Cambodia hasn't excelled at much lately on the world stage, unless you're ranking countries for genocide and undetected landmines, of which it has an estimated 4-6 million. But the latter, grim though the connection may be, are the reason that the country is competing for a world title at the 2007 Standing Volleyball World Cup, taking place in its capital Phnom Penh.
Planned by World Organization Volleyball for Disabled (WOVD), the event runs from Nov. 24 to Dec. 2, and is open to disabled athletes capable of standing, with or without a prosthesis (the WOVD also holds "sitting" volleyball tournaments for wheelchair-bound players). Ranked top in Asia, Cambodia is one of eight national teams competing for a trophy that local artists have fittingly sculpted from melted-down AK-47 assault rifles. Canada, the reigning champion, is the team to beat. The German squad is also highly rated. Out of the running are Afghanistan and Rwanda, who pulled their teams at the last minute, pleading lack of funds.
Like those troubled nations, Cambodia has been ravaged by civil strife. The poisonous aftermath still lingers in mine-strewn soil, where the nation's farmers scrape a living. One of the consequences is that there's no lack of amputees keen to strap on an artificial limb and hit a ball over a net. Since 2002, a wet-season disabled volleyball league has nurtured a squad of high-flying semipro athletes who came fourth at the 2005 World Cup in Canada and are gunning for gold on home soil. Christian Zepp, 26, the team's German coach who arrived in September, reckons a place in the finals, or even victory over the favorites, is within reach. "This is our moment," he says.
Not all of Cambodia's volleyball players lost limbs to land mines. Some suffered polio or other childhood diseases, or were maimed by motorbike wipeouts on dangerous roads. Others are ex-combatants with nowhere to go: the Hawks, in the notorious Khmer Rouge stronghold of Pailin, field a mixed team of cashiered former rebels and government soldiers. From eight teams in 2002, the local league has grown to 16 sponsored squads in two divisions who compete for an annual $3,000 prize a sum that goes a long way in rural Cambodia.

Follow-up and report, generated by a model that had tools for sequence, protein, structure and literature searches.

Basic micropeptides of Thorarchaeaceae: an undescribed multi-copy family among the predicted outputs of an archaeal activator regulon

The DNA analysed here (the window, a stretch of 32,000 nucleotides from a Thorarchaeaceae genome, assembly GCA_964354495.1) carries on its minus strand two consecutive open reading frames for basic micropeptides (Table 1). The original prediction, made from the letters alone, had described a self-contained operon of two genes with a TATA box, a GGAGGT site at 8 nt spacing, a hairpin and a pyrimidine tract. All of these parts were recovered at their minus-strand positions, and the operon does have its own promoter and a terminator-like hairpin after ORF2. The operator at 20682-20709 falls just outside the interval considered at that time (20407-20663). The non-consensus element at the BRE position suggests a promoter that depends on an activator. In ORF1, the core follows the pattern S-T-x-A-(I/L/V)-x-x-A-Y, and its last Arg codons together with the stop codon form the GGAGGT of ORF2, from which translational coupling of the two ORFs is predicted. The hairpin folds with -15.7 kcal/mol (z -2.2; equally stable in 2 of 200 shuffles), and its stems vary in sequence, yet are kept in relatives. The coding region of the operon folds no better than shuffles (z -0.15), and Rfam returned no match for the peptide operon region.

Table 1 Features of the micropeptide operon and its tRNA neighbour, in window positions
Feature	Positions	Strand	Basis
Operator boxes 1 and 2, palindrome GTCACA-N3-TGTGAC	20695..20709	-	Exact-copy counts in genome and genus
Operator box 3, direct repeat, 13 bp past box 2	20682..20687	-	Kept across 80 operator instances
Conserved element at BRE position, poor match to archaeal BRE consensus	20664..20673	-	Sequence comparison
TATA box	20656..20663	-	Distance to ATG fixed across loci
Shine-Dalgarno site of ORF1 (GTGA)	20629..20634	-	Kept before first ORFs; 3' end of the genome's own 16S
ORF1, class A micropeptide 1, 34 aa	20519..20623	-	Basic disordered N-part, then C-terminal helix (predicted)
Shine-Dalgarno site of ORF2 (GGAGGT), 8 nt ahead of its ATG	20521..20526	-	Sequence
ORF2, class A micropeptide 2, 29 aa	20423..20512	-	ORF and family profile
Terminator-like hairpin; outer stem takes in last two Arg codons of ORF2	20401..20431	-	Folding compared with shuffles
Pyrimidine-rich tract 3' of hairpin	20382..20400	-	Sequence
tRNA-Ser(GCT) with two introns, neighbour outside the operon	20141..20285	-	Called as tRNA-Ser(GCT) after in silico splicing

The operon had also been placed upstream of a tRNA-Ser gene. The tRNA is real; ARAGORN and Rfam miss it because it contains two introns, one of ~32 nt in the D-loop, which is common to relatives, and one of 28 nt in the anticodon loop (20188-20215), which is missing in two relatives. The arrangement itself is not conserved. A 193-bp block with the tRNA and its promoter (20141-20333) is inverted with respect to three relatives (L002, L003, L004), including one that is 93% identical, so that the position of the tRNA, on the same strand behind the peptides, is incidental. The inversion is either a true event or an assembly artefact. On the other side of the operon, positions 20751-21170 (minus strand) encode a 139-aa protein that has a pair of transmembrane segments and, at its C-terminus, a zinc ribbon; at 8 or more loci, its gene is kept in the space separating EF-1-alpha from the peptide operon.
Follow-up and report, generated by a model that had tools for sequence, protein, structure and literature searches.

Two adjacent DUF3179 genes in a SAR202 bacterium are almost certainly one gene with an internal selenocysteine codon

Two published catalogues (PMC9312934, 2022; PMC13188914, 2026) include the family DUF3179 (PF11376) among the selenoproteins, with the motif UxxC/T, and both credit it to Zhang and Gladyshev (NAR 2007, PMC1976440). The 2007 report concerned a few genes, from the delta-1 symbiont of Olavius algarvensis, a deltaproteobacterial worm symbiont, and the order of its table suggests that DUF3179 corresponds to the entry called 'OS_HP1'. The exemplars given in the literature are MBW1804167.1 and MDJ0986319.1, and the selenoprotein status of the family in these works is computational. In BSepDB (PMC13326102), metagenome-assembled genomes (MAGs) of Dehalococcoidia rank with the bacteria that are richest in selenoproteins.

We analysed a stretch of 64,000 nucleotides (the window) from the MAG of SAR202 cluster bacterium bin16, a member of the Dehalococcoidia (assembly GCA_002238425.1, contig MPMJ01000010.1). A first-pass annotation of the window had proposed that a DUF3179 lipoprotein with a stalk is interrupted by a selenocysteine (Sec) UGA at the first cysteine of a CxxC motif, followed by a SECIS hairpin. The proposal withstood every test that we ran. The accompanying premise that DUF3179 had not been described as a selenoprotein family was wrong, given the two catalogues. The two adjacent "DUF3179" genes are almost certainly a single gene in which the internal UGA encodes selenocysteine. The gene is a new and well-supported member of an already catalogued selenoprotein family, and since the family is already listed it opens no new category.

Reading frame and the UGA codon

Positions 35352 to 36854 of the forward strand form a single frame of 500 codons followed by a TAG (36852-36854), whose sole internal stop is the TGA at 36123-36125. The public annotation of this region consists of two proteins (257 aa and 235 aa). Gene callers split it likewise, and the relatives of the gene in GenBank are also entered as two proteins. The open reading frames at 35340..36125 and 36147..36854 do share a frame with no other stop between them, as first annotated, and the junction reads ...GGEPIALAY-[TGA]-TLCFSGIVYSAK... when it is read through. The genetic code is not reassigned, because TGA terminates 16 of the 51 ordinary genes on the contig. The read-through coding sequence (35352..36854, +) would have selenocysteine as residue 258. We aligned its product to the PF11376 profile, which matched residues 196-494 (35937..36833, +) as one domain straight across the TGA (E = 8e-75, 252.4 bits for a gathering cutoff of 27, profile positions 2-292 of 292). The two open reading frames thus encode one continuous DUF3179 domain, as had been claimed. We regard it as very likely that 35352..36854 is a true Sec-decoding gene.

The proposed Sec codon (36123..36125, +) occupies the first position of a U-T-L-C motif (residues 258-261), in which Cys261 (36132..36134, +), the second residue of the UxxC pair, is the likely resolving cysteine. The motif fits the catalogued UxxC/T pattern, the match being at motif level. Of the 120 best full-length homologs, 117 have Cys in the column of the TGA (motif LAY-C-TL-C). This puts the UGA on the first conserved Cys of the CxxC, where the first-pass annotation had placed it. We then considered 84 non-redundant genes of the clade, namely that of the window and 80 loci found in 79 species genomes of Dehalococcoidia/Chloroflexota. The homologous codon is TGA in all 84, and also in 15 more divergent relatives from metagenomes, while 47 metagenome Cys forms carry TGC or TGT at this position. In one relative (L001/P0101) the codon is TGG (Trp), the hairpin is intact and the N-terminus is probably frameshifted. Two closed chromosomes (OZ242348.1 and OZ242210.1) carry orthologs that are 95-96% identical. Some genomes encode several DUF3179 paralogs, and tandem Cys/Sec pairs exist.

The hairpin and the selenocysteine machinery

Disabled volleyball might sound like a charitable exhibition sport, but don't be fooled, says Neil Wilford, a British adviser to the Cambodian league. When an Australian Navy ship docked two years ago at the southern port of Sihanoukville, its volleyball team agreed to a friendly game against a local disabled squad. Before it started, one of the Australians took Wilford aside and asked how easy they should go on their opponents. "Just play as normal," Wilford smirked. The Cambodians trounced the Australians, spiking ball after ball past the red-faced servicemen. The game has since become an annual fixture.
The National Sports Complex, completed in 1964, is the venue for the WOVD tournament. Designed by the nation's architectural doyen, Vann Molyvann, the Modernist facility was one of the high-tide marks of Cambodia's post-independence achievements, but the nation slid into civil war before it could be properly put to use. Today, the complex is hidden from view by a garish Chinese shophouses that obscure its perimeter walls, but the facilities have been restored. All the matches in the WOVD competition will be played in an indoor stadium and are free to the public. Cambodian Prime Minister Hun Sen, the patron of the disabled league, will preside over the opening ceremony.
Staging a successful World Cup is symbolic of Cambodia's sporting rebirth, says Chris Minko, 51, the league's full-time secretary general. Back in the 1960s, then Premier Norodom Sihanouk promoted Phnom Penh as the sporting hub of Southeast Asia, until Indonesia stole his thunder by staging a nonaligned version of the Olympics. Secret U.S. bombings and the Khmer Rouge did the rest. But Minko, a combative, shaven-headed Australian, wants to see Phnom Penh back on top. The first step is victory on Dec. 2, which Minko hopes will help reclaim Cambodia's stature as a sports power to be reckoned with in Southeast Asia. "We're going to bring that back," he says.